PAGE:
Ignatyev was backed by Kudrin, who noted that even in Asia credit was not expanding at a faster rate than in Russia. Vyugin explained that the interest rates figure charged by the banks consisted of inflation (7 percent), risks (3 percent) and a profit margin (4-5 percent). “That is how we get the current figure of 14 percent, and that is the minimum the corporate borrowers currently pay,” he said. He added that if expensive credit really was the culprit, one solution would be to encourage the state-owned banks to cut their profit margins, and the privately owned banks would have to follow suit.

 “We have already thought along these lines,” Putin said. He added, however, that such decisions must not be foisted on the economy by the government. “We do not attack our own financial institutions they way these institutions are being attacked in the West." He expressed his hope that the bankers would show responsibility and re-evaluate their risks and profit margins – taking into account the assistance they received from the state in their hour of need.

Participants of the meeting have all agreed that the so-called budget rule, which regulates the proportion of oil revenues set aside for the rainy day, must be preserved, Belousov said. Nevertheless, he still retains hope that the rule will be relaxed. “We'll have to wait and see,” he said when asked whether the size of the reserve fund could be reduced from 7 percent of GDP to 5 percent. He also said that the government was thinking about re-jigging its spending plans; there is a chance that spending on healthcare, education and infrastructure will be increased, with a commensurate fall in subsidies for state-owned companies.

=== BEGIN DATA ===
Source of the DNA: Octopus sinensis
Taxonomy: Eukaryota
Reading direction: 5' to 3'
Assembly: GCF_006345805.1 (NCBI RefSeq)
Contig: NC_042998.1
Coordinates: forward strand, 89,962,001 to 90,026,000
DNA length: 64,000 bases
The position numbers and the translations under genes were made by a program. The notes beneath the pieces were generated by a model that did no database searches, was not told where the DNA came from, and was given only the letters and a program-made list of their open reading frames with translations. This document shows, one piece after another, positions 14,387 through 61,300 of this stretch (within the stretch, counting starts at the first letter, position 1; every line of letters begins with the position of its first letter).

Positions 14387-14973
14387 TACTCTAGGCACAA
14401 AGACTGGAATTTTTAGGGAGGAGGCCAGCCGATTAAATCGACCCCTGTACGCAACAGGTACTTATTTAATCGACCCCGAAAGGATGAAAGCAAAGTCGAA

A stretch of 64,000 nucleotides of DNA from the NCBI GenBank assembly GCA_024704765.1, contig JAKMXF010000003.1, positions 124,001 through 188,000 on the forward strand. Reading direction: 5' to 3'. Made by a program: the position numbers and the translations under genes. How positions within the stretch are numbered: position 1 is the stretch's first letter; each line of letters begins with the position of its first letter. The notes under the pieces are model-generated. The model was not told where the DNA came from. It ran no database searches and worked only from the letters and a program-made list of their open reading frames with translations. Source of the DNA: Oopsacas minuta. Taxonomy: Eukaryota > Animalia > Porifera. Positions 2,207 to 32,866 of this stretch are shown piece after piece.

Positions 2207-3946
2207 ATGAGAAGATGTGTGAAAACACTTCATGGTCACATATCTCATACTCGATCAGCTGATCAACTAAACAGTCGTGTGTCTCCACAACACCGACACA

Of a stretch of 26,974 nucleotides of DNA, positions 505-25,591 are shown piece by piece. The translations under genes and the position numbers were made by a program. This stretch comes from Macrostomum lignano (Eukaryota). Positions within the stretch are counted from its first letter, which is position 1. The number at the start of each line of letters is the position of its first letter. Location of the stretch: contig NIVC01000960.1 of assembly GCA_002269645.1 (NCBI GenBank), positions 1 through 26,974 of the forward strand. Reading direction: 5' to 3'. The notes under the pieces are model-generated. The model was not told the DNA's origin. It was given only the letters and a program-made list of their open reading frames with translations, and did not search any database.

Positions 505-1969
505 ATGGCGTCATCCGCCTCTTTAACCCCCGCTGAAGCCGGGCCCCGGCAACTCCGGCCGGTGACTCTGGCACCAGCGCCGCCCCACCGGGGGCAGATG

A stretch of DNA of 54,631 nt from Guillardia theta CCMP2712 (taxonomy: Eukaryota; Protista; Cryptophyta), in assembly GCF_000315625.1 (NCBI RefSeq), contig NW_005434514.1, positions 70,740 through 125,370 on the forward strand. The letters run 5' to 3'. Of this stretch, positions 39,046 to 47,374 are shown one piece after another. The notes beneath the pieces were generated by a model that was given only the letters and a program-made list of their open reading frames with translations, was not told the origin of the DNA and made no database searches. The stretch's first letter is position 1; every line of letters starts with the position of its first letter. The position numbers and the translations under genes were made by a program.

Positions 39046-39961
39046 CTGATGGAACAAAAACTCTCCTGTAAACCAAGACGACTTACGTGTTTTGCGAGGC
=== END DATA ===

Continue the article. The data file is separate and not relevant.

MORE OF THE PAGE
Evgeny Gavrilenkov, an analyst with Sberbank CIB, says that the Russian economy consists of two segments: the privately-owned, which generates growth, and the state-owned, which generates nothing but inflation. He believes that one of the reasons for the current economic slowdown is that the budget rule has become self-defeating. The oil export revenues which are channelled to the reserve fund when the price goes above 91 dollars a barrel are simply being replaced by domestic borrowing. As a result, the government increases the demand for credit, and the interest rates rise in response. In the second half of 2012 the budget rule was already in effect, to all intents and purposes – and it came at a cost of a 150-200 basis points increase in interest rates, in addition to a slowdown in investment activity. “The paradox is that the lower the oil price, the better off the economy since it has more money left,” Gavrilenkov explains. He argues that keeping the growth in government spending under control does not necessarily require the budget rule: the effect of that rule is that the whole macroeconomic policy is bent to the single goal of increasing the size of the reserve fund. A much more sensible goal would be to reduce the inflation - that would be much more beneficial for the economy, Gavrilenkov says.

Ivan Chakarov, an expert with Renaissance Capital, doubts that the budget rule will be sacrificed in the name of supporting GDP growth. He believes that the economy might actually improve of its own accord starting from the third quarter. Analysts are predicting a good harvest this year; this will keep the lid on prices and help to increase real incomes.